Albuquerque, NM – March 11, 2015 VisionQuest Biomedical LLC, a local start-up licensing technology developed at the University of New Mexico, announced that it will be partnering with TreVia Digital Health of Kansas to make its imaging technology that screens diabetic patients for retinal disease available on mobile devices. VisionQuest Biomedical LLC was formed in 2007 and develops medical imaging technologies for clinical applications. The digital imaging technology, created by founder and CEO Peter Soliz and UNM researchers Professor Marios Pattichis and Assistant Research Professor Victor Murray from the School of Engineering’s Department of Electrical & Computer Engineering, uses algorithms to process a digital image or video to extract information to use as a more accurate diagnostic tool in ultrasound, magnetic resonance imaging and retinal imaging. See Kevin Robinson-Avila’s March 7 article “ABQ biotech adds partner to speed eye exams,” from the Albuquerque Journal, reprinted below.
ABQ biotech adds partner to speed eye exams
VisionQuest Biomedical LLC, an Albuquerque startup using proprietary technology for rapid retinal screening of diabetics, is partnering with TreVia Digital Health of Kansas to provide images real time to doctors and clinics.
“TreVia has developed software specifically for ophthalmology that allows us to make all reports immediately available at our fingertips,” said VisionQuest founder and CEO Peter Soliz. “Doctors can now download images and read them on mobile devices like iPads or laptops.”
By partnering with TreVia, VisionQuest can streamline the triage process of screening out people with diabetes who have retinal complications from the people who don’t, greatly reducing the workload for doctors by allowing them to concentrate just on patients who need care.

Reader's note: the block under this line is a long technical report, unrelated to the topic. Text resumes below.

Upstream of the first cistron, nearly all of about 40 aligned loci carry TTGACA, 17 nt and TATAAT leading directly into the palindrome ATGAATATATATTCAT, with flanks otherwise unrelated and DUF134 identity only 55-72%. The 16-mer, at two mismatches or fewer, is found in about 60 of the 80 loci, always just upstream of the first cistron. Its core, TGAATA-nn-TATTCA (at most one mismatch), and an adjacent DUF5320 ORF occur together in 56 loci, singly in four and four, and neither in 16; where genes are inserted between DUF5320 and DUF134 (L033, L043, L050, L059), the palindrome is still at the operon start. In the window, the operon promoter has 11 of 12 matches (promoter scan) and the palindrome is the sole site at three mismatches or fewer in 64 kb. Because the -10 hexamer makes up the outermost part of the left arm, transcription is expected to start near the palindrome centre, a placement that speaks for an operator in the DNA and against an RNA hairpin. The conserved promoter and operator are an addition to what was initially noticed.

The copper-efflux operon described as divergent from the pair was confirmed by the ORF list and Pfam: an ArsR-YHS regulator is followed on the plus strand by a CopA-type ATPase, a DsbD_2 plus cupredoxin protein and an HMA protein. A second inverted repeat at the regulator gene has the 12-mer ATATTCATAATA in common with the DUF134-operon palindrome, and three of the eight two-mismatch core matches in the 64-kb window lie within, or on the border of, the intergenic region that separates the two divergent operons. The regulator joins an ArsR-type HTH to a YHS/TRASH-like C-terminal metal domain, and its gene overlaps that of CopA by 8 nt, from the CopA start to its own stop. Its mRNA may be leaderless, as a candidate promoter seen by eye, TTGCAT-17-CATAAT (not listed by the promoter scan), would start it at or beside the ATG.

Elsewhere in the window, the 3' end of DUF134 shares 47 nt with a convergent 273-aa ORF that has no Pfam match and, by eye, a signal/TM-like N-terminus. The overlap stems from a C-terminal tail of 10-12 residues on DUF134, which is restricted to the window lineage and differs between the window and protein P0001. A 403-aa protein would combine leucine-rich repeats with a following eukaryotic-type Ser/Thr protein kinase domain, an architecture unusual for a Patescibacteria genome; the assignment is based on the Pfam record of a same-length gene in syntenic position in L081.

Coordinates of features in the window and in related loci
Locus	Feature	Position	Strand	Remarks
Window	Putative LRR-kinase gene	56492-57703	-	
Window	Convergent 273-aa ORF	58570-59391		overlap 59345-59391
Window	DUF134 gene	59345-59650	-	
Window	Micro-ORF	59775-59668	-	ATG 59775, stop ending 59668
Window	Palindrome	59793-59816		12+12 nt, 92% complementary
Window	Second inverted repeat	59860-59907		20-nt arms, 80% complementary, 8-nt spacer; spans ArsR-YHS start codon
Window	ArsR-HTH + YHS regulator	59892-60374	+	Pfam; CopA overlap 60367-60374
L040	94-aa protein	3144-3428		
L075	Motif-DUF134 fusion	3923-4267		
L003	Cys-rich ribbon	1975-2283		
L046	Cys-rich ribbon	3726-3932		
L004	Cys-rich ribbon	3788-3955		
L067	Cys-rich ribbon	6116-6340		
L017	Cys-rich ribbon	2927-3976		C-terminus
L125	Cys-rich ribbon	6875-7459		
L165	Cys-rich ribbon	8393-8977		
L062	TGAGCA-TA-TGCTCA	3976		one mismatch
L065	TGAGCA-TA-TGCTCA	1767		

TreVia President and COO Maureen Peszko said her company is working to improve patient outcome and reduce health care costs by partnering with companies like VisionQuest for early detection and treatment of eye disease.
“In an industry where communication and collaboration are often fragmented, we are reinventing diabetes care by providing higher quality preventive care and a convenient process for retinal screenings and care coordination across the care team and for the patient,” Peszko said.
VisionQuest has developed proprietary software that immediately determines if patients with diabetes have retinal disease. It’s using off-the-shelf imaging technology to screen at-risk populations, particularly in remote places where access to ophthalmologists is limited, Soliz said.
“Less than half of the 28 to 30 million diabetics in the U.S. are getting retinal screening, yet the American Diabetes Association recommends annual exams,” Soliz said. “We’re doing screenings throughout the Southwest and in some places in northern Mexico to triage out the people who don’t need to see an ophthalmologist. That reduces doctor workloads, because typically half the diabetic population doesn’t need to see a physician but they end up in an ophthalmologist’s office anyway because they need screening.”
Apart from its proprietary diagnostic software, VisionQuest has built a new, shoe-box-sized camera that, once approved by the Food and Drug Administration, will allow nurses or minimally-trained technicians to snap photos of a person’s retina for immediate access by doctors.
“We call it the ‘Doc in a Box,'” Soliz said. “It will allow us to replace the large, expensive cameras we use now.”
VisionQuest’s technology, created by Soliz and other researchers from the University of New Mexico, was built with about $10 million in federal Small Business Innovation Research grants. The company, which has about $2 million in annual revenue, has made the Flying 40 list of fast-growing technology companies three years in a row since 2012. It currently employs 12 people at a 2,500-square-foot facility at 2501 Yale Boulevard near the Albuquerque International Sunport.
Source: Albuquerque Journal
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